Honey Gingerbread

Another recipe adapted from Eating Well Magazine Spring 2004.

  • 1 1/2 cups all-purpose flour
  • 1 cup whole wheat pastry flour
  • 1/2 teaspoon baking soda
  • 2 teaspoons baking powder
  • 2 teaspoons ground ginger
  • 2 1/2 teaspoons pumpkin pie spice (This is because I did not have ground cloves and I figured this would take place of the 1/2 t. nutmeg, 1 1/2 t. cinnamon, and 1/2 t. cloves. Now, in hindsight, I could have used my Gingerbread Spice Mix. Live and learn!)
  • 1/2 teaspoon salt
  • 2 large eggs
  • 2/3 cup packed brown sugar ( I had light brown)
  • 1/2 cup honey (I had a wildflower honey not the dark honey of the original recipe which also called for 2/3 cup. I used all that I had.)
  • 1/2 cup canola oil
  • 2 teaspoons orange zest (instead of lemon zest; again I used what I had.)
  • 1 cup boiling water
  • 1/2 cup finely chopped crystallized ginger (optional but I love crystallized ginger so I have thi in the house. It is wonderful to chew on a small piece for a snack.)

Prepare a 9 x 13 inch pan by spraying with cooking spray. Heat oven to 350 degrees F.

Whisk dry ingredients. Beat together the eggs, oil, honey, and brown sugar. Blend the dry ingredients with the egg mixture and zest. Add boiling water as you go along. Mix just until fully blended. I used my stand mixer and this took a very short time.

Pour batter into prepared pan and bake for 30 minutes. The top should spring back lightly when touched. Cool in pan on wire rack.

Our first piece we ate warm. It is a light version. The honey does not give quite the same flavor as molasses. I could taste the orange zest which surprised me. I would call this a honey ginger cake. The bits of crystallized ginger were very tasty. Hubby liked it a lot. He said an addition of raisins would have put it over the top. I would make this again.

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Chicken in Orange Sauce

This is a recipe from Eating Well Magazine Spring 2004. I was browsing through the magazines for interesting recipes. I have chicken and I have orange juice, so that is close enough. The manner of making the orange sauce is something different that just thickening juice with cornstarch. And of course just a few of the ingredients change. Actually the amount of the liquids were changed. I just thought 4 cups of liquid would make too much sauce.

  • 8 chicken thighs, skin removed
  • cooking spray to coat the pan and to spray on the chicken
  • salt and pepper to season the chicken

Place chicken thighs in a 9 x 13 inch baking dish that has been sprayed with cooking spray or lightly oiled. Spray the chicken and season with salt and pepper. Bake in a 375 degree F oven for 35 minutes.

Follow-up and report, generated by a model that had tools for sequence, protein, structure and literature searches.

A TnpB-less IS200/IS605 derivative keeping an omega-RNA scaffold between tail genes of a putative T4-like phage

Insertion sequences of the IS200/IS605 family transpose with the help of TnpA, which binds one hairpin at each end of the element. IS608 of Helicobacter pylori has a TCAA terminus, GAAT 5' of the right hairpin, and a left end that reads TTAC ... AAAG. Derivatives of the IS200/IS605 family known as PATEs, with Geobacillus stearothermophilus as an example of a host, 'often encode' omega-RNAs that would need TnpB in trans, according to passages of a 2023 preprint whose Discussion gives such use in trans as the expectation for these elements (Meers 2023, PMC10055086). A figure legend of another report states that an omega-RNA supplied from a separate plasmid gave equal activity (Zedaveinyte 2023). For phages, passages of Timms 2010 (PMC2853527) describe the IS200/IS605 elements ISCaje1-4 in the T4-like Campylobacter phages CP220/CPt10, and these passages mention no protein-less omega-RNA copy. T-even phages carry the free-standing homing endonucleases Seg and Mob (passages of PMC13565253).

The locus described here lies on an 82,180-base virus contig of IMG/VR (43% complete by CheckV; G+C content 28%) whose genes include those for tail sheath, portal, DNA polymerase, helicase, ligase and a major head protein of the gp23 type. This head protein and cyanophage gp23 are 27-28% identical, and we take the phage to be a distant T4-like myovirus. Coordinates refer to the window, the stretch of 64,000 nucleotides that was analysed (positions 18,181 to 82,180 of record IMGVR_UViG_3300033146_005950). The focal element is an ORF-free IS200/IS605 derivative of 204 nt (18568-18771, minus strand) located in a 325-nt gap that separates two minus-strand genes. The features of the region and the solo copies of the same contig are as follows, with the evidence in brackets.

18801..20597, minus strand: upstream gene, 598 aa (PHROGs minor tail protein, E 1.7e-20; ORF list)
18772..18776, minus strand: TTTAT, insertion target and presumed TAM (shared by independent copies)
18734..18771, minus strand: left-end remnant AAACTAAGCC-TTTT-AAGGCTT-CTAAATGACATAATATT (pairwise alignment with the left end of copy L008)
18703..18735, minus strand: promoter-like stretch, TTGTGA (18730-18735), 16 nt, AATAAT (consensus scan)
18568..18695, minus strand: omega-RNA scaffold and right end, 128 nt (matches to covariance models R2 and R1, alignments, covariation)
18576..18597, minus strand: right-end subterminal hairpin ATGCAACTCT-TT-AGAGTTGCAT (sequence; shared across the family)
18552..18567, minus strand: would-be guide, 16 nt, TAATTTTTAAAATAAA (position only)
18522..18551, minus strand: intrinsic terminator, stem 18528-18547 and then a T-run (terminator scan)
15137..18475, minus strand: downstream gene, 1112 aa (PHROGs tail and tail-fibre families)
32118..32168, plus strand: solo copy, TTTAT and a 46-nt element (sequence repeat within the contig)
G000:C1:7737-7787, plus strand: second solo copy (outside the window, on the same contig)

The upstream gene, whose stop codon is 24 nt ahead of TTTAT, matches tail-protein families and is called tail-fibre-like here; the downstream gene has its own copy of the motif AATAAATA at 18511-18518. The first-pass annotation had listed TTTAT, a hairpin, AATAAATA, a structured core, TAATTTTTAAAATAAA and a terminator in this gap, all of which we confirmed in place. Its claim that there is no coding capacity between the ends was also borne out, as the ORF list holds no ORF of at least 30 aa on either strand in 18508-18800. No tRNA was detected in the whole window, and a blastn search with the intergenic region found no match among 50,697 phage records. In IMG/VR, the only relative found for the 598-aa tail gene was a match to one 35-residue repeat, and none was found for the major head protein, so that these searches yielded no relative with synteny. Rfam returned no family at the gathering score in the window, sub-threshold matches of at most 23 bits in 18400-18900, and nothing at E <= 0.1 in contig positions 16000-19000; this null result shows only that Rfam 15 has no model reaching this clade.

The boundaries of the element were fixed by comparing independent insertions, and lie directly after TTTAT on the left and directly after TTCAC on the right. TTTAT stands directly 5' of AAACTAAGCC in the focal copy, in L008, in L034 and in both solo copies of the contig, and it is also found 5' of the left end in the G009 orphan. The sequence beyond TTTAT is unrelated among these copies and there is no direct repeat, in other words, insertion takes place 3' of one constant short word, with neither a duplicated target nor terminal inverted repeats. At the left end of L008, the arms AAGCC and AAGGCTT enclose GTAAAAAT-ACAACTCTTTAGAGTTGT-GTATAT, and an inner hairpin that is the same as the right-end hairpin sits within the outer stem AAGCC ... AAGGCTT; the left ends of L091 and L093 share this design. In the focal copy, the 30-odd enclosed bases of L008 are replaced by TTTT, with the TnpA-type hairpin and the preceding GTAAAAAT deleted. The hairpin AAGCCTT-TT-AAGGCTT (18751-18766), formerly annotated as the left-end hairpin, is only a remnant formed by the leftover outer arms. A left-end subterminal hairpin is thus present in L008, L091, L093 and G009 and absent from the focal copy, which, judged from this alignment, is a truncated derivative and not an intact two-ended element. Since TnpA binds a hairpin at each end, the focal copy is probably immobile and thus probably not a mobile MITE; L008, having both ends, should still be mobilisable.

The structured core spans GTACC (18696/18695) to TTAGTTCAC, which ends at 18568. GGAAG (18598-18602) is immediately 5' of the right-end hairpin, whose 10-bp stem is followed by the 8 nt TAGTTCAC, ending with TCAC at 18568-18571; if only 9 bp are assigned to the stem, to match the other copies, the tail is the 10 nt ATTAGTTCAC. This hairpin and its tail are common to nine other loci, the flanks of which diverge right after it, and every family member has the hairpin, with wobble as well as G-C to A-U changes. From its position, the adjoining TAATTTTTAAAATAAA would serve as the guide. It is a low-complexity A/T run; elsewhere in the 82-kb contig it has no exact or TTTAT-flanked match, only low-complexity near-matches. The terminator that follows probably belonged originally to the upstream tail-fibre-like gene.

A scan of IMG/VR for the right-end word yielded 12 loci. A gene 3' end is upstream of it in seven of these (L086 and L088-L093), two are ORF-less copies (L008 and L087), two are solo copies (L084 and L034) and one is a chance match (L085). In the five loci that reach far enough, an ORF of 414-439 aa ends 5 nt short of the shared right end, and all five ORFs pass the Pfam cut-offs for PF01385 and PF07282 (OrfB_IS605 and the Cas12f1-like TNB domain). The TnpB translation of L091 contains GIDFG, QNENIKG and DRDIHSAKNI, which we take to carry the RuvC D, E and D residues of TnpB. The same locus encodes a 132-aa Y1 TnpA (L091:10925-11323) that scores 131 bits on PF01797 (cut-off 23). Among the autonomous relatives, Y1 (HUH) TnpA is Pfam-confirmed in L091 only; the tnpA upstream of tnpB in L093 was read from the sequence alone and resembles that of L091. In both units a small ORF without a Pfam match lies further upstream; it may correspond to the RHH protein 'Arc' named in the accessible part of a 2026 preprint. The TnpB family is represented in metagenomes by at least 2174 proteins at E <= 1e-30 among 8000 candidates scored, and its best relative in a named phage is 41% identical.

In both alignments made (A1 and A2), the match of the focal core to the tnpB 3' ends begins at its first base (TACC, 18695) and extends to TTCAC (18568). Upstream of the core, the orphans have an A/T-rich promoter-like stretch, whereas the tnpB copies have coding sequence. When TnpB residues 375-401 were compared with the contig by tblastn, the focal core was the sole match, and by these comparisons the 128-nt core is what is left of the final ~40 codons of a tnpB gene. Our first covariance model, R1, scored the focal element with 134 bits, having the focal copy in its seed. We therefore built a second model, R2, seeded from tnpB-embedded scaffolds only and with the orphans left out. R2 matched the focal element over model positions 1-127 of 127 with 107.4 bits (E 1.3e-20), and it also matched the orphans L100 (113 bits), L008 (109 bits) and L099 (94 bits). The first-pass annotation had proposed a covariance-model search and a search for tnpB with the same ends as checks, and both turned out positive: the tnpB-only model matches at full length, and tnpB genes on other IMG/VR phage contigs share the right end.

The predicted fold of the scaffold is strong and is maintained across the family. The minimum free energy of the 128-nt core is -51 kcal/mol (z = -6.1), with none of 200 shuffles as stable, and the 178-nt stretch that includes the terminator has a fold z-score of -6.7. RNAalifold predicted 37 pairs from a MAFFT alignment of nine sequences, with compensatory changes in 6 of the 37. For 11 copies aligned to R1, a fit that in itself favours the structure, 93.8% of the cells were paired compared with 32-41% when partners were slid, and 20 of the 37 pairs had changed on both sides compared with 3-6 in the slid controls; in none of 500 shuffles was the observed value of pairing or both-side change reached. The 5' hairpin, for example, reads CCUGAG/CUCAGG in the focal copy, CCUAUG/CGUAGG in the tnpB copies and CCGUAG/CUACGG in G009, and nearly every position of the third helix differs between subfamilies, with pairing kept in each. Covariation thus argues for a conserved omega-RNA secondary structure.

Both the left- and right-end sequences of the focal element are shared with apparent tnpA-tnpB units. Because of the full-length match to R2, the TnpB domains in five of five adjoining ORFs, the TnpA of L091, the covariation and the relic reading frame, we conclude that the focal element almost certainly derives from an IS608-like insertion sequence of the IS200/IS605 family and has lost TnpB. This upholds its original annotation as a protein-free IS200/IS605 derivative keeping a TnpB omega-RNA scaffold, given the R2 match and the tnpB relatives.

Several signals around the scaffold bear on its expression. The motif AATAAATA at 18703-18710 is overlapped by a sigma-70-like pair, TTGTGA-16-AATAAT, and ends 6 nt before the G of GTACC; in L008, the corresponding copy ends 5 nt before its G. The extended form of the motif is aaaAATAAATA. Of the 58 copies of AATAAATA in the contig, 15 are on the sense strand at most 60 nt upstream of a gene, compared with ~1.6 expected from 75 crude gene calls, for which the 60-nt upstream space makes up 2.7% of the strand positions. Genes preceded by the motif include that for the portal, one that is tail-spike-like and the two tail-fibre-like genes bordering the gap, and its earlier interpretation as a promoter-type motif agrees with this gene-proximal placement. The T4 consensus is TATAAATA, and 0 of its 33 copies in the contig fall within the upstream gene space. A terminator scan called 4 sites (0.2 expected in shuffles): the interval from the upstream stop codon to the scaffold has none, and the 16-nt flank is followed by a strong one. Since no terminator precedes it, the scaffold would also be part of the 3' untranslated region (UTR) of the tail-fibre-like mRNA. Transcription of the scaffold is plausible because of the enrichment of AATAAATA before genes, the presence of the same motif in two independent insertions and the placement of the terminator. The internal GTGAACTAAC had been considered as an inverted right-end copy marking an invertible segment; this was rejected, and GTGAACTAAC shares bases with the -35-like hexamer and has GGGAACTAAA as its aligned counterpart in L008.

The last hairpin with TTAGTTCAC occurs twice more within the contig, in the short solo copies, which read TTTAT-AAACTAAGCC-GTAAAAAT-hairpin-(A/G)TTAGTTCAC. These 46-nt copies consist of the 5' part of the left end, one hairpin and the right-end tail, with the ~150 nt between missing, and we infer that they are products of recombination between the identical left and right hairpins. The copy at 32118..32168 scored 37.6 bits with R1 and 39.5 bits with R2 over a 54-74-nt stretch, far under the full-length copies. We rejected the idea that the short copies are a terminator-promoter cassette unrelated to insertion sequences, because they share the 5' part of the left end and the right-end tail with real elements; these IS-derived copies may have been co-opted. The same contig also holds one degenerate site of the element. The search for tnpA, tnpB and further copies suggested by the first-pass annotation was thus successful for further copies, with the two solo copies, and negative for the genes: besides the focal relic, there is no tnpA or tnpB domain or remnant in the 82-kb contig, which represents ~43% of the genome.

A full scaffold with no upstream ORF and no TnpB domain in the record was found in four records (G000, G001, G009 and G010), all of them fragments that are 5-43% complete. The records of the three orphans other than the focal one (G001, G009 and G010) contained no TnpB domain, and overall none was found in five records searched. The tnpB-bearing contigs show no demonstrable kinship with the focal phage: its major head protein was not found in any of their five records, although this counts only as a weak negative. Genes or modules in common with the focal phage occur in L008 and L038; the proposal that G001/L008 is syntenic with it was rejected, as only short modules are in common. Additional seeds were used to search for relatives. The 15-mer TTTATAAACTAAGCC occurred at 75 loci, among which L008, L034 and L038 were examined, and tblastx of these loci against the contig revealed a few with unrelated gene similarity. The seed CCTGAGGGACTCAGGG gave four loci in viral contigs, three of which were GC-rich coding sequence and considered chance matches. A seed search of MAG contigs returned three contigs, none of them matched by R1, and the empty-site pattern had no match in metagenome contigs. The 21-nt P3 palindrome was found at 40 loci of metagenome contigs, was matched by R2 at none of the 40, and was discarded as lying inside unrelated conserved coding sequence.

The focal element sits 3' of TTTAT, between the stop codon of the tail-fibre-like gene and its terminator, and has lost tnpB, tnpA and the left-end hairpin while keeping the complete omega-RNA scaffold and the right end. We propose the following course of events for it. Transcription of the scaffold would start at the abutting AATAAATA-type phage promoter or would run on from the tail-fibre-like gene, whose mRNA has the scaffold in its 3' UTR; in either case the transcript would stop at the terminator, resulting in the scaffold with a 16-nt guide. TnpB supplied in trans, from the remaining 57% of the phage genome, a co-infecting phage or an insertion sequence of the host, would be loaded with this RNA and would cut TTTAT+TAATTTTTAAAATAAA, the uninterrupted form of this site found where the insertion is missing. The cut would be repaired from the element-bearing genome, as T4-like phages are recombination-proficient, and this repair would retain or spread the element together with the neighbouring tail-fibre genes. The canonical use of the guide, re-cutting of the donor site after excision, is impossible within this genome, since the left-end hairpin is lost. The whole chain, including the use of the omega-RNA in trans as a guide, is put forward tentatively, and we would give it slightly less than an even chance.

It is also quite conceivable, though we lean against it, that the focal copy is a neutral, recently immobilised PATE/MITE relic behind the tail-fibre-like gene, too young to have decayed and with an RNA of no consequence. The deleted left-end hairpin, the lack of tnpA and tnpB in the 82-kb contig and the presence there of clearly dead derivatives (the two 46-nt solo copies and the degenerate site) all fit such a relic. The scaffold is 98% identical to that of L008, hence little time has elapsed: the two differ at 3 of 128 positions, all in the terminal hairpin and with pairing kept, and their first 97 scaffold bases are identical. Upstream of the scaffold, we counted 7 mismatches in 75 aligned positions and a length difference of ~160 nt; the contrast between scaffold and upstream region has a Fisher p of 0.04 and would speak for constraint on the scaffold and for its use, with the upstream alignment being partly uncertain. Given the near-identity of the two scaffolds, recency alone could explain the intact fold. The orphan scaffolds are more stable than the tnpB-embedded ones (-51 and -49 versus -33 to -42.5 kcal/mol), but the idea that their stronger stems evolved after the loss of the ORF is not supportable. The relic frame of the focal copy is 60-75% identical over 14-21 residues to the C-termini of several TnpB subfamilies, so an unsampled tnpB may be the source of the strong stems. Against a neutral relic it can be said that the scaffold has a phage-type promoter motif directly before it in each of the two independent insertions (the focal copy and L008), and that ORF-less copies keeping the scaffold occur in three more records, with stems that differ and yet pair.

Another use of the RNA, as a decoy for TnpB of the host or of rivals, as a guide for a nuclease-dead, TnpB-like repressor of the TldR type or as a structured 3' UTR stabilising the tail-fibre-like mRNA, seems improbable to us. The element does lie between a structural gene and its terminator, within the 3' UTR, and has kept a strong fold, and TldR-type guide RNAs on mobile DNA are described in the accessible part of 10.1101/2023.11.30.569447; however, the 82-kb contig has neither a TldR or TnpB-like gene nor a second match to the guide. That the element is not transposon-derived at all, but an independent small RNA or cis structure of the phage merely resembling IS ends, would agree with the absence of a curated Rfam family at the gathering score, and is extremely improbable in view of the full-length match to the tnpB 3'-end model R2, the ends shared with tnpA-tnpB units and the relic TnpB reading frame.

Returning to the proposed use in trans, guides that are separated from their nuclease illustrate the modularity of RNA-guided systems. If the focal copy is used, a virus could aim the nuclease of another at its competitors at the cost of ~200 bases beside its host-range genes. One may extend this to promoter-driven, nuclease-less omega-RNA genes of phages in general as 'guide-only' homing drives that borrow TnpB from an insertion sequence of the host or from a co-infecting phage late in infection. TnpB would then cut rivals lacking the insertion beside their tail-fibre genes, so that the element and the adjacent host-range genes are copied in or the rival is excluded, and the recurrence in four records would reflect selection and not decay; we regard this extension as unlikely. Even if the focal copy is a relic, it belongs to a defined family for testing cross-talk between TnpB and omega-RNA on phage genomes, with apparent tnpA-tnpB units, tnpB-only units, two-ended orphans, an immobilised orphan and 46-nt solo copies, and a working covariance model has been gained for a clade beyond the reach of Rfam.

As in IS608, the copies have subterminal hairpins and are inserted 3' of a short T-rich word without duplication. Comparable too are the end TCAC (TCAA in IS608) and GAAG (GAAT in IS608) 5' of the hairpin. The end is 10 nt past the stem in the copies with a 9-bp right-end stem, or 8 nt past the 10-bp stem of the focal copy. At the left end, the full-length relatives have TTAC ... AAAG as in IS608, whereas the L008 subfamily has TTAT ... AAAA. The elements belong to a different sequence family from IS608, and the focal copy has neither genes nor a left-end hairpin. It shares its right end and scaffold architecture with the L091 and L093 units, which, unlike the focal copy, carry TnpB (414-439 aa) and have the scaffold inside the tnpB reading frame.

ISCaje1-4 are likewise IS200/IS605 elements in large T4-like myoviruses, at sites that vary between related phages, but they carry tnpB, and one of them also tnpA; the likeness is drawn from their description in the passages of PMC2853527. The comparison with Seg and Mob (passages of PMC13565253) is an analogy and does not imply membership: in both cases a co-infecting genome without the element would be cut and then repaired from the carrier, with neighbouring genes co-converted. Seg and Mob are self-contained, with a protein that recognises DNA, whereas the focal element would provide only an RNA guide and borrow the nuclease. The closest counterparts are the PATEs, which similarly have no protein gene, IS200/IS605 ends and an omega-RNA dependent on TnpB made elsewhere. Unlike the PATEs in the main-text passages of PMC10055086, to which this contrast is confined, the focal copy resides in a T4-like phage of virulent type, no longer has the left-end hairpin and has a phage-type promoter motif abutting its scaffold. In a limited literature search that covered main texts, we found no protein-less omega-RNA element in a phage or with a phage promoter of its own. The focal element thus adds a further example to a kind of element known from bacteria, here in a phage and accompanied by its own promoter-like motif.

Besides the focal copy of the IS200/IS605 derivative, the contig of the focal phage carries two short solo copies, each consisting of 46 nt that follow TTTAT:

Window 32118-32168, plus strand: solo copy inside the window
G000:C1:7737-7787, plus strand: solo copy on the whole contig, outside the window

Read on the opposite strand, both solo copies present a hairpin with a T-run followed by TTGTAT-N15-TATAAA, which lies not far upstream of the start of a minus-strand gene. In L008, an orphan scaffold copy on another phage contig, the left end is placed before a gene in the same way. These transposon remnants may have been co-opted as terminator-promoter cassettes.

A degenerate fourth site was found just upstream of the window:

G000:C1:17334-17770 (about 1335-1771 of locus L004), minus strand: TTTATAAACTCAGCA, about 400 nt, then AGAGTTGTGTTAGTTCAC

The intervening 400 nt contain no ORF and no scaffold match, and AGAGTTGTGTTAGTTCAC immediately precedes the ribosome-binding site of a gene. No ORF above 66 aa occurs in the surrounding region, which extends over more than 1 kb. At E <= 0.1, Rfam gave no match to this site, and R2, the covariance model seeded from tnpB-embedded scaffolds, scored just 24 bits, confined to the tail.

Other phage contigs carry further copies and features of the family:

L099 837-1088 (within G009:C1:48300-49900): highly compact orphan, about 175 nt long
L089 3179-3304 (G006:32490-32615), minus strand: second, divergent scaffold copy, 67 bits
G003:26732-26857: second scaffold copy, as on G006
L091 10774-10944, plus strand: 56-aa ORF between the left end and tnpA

Meanwhile make the sauce.

  • 1 cup chicken broth
  • 1 cup orange juice
  • 2 Tablespoons red wine vinegar
  • 1/2 cup sugar

Put the sugar and the vinegar in a 10-inch skillet over medium heat. Do not stir, but swirl the pan from time to time until the sugar melts and turns a nice deep amber color. This should take 6-8 minutes. Add the broth and juice and bring to a boil. The caramel will harden but do not worry about that. It does soften as the cooking continues. This should be cooked 30-35 minutes until it is reduced and lightly coats a spoon. It smells wonderful at this point.

After the chicken has cooked its initial 35 minutes, pour the sauce on top. Turn the pieces so they are nicely coated. This is a thin coat. Bake 10-15 more minutes. I baked them until Hubby came home so that was just over 15 minutes.

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I served this with a tri-color quinoa and green beans. I am trying to have us sit at the kitchen table to eat our dinner. This is to prevent our backsides from becoming one with the sofa too early in the evening! We are binge watching the Inspector Lewis series from Masterpiece Theater from a few years back. Love that Sergeant Hathaway!

 

 

Dry-aged steaks

I was reading, again, my various Cook’s Illustrated magazines looking for seasonal recipes to try. A magazine reader had written in about dry-aged steaks and wondered if this could be done at home. (Reference the March-April 2010 edition of the magazine). The editors replied about their efforts and I decided to give it a try.

  • 2 top sirloin steaks (about 6 ounces each?)

Wrap thoroughly with cheesecloth and place on a rack in the back of the refrigerator (where it is coldest) for four days. Pan sear and enjoy. Supposedly these are tender and intensely flavorful like the more expensive dry-aged steaks. Cook’s used 2 rib-eye and 2 strip steaks.